Positioned for the Upturn?

The Upturn in construction is coming.


The McGraw Hill-2011 Construction Outlook predicts “modest” improvement in 2011, with an 8% increase in construction starts, as compared with a predicted 2% decrease in 2010. Robert A. Murray, Vice President of Economic Affairs at McGraw-Hill Construction, commented, "We're turning the corner, slowly. 2011 will be the first year of renewed growth for overall construction activity, and 2010 becomes the final year of a very lengthy and unusual construction cycle."

Which means that now is exactly the time to ask yourself, “Is my company positioned to succeed in the coming upturn?”  When projects start ramping up again, some companies will be well-positioned to attract business and prepared to do business.  Their products will be top-of-mind when specs are written and bids are solicited. Other companies, who have not used their down-time wisely, will be playing catch up.

During the downturn, many businesses slashed marketing budgets.  As things turn around, it’s time to revise that strategy.  Marketing communications is the only thing that will keep your brands visible during a period when both planning and actual construction are down and the products themselves are not actively being spec’d or used.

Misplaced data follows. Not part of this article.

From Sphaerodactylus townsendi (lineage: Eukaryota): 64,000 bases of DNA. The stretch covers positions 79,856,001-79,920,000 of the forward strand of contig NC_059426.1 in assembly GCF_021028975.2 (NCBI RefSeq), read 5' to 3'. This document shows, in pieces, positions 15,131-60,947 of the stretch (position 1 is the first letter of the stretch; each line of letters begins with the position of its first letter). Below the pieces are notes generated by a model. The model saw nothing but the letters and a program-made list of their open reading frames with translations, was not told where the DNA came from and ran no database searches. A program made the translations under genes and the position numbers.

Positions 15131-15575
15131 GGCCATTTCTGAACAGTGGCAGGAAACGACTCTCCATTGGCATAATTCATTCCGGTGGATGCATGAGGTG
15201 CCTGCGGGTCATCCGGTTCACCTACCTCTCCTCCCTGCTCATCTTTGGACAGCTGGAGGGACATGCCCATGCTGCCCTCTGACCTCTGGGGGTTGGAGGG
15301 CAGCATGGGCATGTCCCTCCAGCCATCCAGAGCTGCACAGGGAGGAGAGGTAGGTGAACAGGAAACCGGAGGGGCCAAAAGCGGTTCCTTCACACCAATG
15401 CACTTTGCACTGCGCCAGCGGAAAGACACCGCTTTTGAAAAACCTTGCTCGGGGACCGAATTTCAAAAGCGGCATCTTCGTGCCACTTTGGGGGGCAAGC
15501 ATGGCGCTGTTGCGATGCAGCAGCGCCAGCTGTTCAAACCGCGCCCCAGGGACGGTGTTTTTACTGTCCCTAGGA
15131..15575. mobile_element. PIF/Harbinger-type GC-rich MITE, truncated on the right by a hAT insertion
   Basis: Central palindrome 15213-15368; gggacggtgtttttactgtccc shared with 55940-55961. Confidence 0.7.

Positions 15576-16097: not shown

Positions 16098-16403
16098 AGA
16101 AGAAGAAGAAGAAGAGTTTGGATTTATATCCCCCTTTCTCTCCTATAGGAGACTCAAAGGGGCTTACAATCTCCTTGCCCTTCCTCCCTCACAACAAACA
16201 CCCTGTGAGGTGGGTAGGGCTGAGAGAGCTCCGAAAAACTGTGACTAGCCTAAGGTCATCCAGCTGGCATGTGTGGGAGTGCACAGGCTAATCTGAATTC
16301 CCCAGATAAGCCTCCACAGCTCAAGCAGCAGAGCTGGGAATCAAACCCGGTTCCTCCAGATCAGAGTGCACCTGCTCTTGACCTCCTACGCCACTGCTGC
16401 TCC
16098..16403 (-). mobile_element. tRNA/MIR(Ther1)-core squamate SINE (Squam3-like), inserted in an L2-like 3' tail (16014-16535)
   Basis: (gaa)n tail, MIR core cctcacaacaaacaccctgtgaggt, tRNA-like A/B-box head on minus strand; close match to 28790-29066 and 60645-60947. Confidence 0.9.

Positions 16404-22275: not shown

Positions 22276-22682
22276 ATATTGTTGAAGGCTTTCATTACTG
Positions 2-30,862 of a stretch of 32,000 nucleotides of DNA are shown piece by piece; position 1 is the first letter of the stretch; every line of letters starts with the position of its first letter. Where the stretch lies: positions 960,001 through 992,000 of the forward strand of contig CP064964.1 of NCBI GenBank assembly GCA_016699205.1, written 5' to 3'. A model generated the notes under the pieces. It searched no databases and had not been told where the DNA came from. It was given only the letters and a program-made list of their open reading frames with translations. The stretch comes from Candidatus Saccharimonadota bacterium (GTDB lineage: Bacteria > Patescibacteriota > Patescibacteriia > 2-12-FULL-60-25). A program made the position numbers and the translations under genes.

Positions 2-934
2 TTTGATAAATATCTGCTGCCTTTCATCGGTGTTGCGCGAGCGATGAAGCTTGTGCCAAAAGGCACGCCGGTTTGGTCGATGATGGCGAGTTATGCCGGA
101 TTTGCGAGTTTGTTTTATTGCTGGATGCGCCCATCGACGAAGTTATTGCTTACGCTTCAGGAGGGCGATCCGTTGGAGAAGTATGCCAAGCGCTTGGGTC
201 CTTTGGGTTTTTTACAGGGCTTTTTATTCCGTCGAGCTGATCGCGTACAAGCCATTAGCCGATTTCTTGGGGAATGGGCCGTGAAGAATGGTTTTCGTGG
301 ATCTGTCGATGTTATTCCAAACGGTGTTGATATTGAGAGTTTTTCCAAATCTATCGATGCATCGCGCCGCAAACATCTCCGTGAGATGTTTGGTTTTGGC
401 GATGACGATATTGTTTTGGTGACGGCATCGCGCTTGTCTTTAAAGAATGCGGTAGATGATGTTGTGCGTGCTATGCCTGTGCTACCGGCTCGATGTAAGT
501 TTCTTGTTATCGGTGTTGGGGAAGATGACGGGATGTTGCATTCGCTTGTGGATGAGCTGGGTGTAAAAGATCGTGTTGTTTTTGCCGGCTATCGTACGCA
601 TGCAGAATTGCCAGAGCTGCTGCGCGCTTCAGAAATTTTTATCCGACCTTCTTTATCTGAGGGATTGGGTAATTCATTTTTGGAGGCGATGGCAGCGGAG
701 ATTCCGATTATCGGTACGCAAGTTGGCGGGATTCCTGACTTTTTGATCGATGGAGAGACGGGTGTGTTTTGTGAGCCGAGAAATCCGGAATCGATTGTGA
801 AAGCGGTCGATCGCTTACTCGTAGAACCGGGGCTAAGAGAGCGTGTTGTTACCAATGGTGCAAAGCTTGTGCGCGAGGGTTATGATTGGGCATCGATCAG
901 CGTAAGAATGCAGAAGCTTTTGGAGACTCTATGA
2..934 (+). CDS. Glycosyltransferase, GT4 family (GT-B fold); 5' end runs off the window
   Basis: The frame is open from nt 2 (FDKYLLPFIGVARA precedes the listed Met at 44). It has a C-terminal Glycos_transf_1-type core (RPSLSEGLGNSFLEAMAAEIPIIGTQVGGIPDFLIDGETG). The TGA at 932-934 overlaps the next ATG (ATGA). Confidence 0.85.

If you cut (or eliminated) your marketing budget, now is the time to re-build it with a solid strategy.

Step One: Marketing Materials

When you slashed the marketing budget, you probably stopped keeping marketing materials up to date.  As thing start to improve, you will need them in your hands and ready to go.  When you reach out and get the attention of a spec writer or a contractor, they’re going to say, “Send me something.”  Are your materials ready for action now?

Have you improved any products or introduced new ones? If you have introduced new products over the past three years, you might need to re-introduce them in 2011. 

Do you have any new competitors?  You might need to revise your selling points to counter their strategy.

Have there been changes in code that affect your products?  Do your selling points refer to LEED, which has been changing?  Your sales literature needs to reflect current conditions.

Does your sale literature look outdated?  If you haven’t revised it for two or three years, the answer is probably Yes.

Do you have any news that might get you editorial space in magazines or online?  Refresh your press kit.  (Or perhaps, create a press kit?)

You still have time to prepare company to attract business when things start to move again.  And if business is slow now, it makes sense to use your current downtime to prepare for a better future.

Next Time:

Step Two: Reaching Out to Idle Architects, Engineers, and Specifiers